Before the end of next week, the Steelers will have convened in earnest for the real work, the work for which they are famous and celebrated and often dominant in the consciousness of their innumerable disciples.
Once the Steelers get to Latrobe and immerse themselves in the clinical, conspiratorial violence necessary to construct the renewed soul of any NFL entity, a lot of people around here will blow by the front page a little faster in the morning.
This team's got issues, after all, issues like few times in its history, so there is less time for serious news.
But John Mitchell won't blow past Page 1.
Even as the assistant head coach of the Steelers, even as the organization's longest-tenured coach in residence, Mitchell will still see the darker forest through the trees of Saint Vincent.
"When I read about a 14-year-old girl stabbed, when I see two kids shot in the East End, these things should not happen in our society," Mitchell said in his office during one of his final calm days this summer. "Somebody has dropped the ball in these situations. Kids can't just fall through the cracks like that."
Mitchell has no children. His own childhood knew little want and less difficulty. But his conscience aches for children, especially those who walk the edges of hopelessness.
"The worst thing to happen to us as kids is we'd get in a fight or drink a beer behind the garage, or smoke a cigarette," he remembered. "Now, kids get into an argument, somebody has to settle it with a gun, and somebody's gonna die."
Mitchell was only a few years into his tenure as Bill Cowher's defensive line coach when he attended a fund-raiser for Every Child, the East End brainchild of Susan Davis that serves vulnerable children and families throughout the region. Struck by the first-person stories of kids Every Child was helping, he started going to the fund-raisers regularly.
"Finally, I decided I wanted to help these people, so I was sitting in my old office at Three Rivers Stadium and I just called them out of the blue," he said. "Didn't tell them who I was. Didn't tell them what I did. Just 'how can I help?' That was 12 years ago. Now, I've been on the board of directors for nine years."
What Mitchell has done for Every Child, and the number of Steelers who have enlisted money and time in that cause with virtually no one outside and few inside the agency knowing about it, is one of those narratives that is annually buried by the perceived urgencies of football.
"I've had players hand me $15,000 for Every Child and say, 'Don't tell them it was me,' " Mitchell said. "They don't want the credit. All kinds of players have done that over the years, and not just money.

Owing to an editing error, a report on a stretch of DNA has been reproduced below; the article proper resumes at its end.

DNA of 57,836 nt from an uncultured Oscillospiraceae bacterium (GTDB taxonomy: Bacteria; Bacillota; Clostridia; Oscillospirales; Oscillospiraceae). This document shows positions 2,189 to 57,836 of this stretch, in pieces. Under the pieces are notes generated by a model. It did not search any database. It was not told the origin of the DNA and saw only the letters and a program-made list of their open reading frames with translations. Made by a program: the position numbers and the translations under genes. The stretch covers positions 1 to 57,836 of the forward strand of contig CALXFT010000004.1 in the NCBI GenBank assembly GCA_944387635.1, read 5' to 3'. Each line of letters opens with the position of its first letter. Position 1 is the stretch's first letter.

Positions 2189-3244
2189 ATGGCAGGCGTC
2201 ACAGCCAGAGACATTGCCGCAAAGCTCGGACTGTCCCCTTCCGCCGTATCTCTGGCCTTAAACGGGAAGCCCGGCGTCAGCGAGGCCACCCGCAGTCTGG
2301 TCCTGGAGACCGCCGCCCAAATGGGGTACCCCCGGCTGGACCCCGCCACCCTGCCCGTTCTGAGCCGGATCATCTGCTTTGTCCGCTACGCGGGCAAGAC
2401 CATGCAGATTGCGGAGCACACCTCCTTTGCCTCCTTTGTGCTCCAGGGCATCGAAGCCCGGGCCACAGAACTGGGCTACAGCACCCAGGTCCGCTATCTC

"Plaxico Burress picked kids up and took them for pizza," Mitchell said. "Played games with them. Gave us money."
The admiration pours for Mitchell when he recounts such tales, but the people he seems to admire most in this dynamic are the case workers Every Child sends into homes to confront every known strain of hard-times drama.
"Look, I get my -- what -- 15 minutes of fame for 16 weeks every year; nobody says anything about these people. Imagine going into a home where there's trouble, where they are not even sure you're going to be able to help, where they might not want anyone telling them how to correct things. These people have to build a relationship, have to build a rapport. My job is to make their job easier."
Having served more than 5,000 children and their families since 1997, having helped with food, utilities, rent, general expenses, having run programs related to pregnancy, parenting, education, medical care, child development, family preservation, family reunification, special needs adoption, and foster care, Every Child retains both its focus and the reality of funding challenges.
"We charge nothing," Mitchell said. "We apply for grants and we have the fund-raiser. Mike Tomlin was there to speak a couple of years ago and, after he heard the children talk about their experiences with the Every Child programs, with the help they received and what it meant to them, he just got up and said, 'What do you want me to say? What can I possibly add to that?' You can't believe how effective it's been.
"I'm involved because I often wondered, what if the shoe were on the other foot? I don't have kids, but what if my child were in one of these situations? What if it was my family? Who would help me? Who would help us? That's what makes me feel good. If you save someone's life when they're a child, there's no telling what they can do. They've just got to have a chance."
With the Steelers set to get about their real work, I think it's all right to ponder sometimes just what is the real work of the Steelers or of any of us.
"I've had players hand me $15,000 for Every Child and say, 'Don't tell them it was me.' They don't want the credit. All kinds of players have done that over the years, and not just money."
-- John Mitchell
Gene Collier: firstname.lastname@example.org .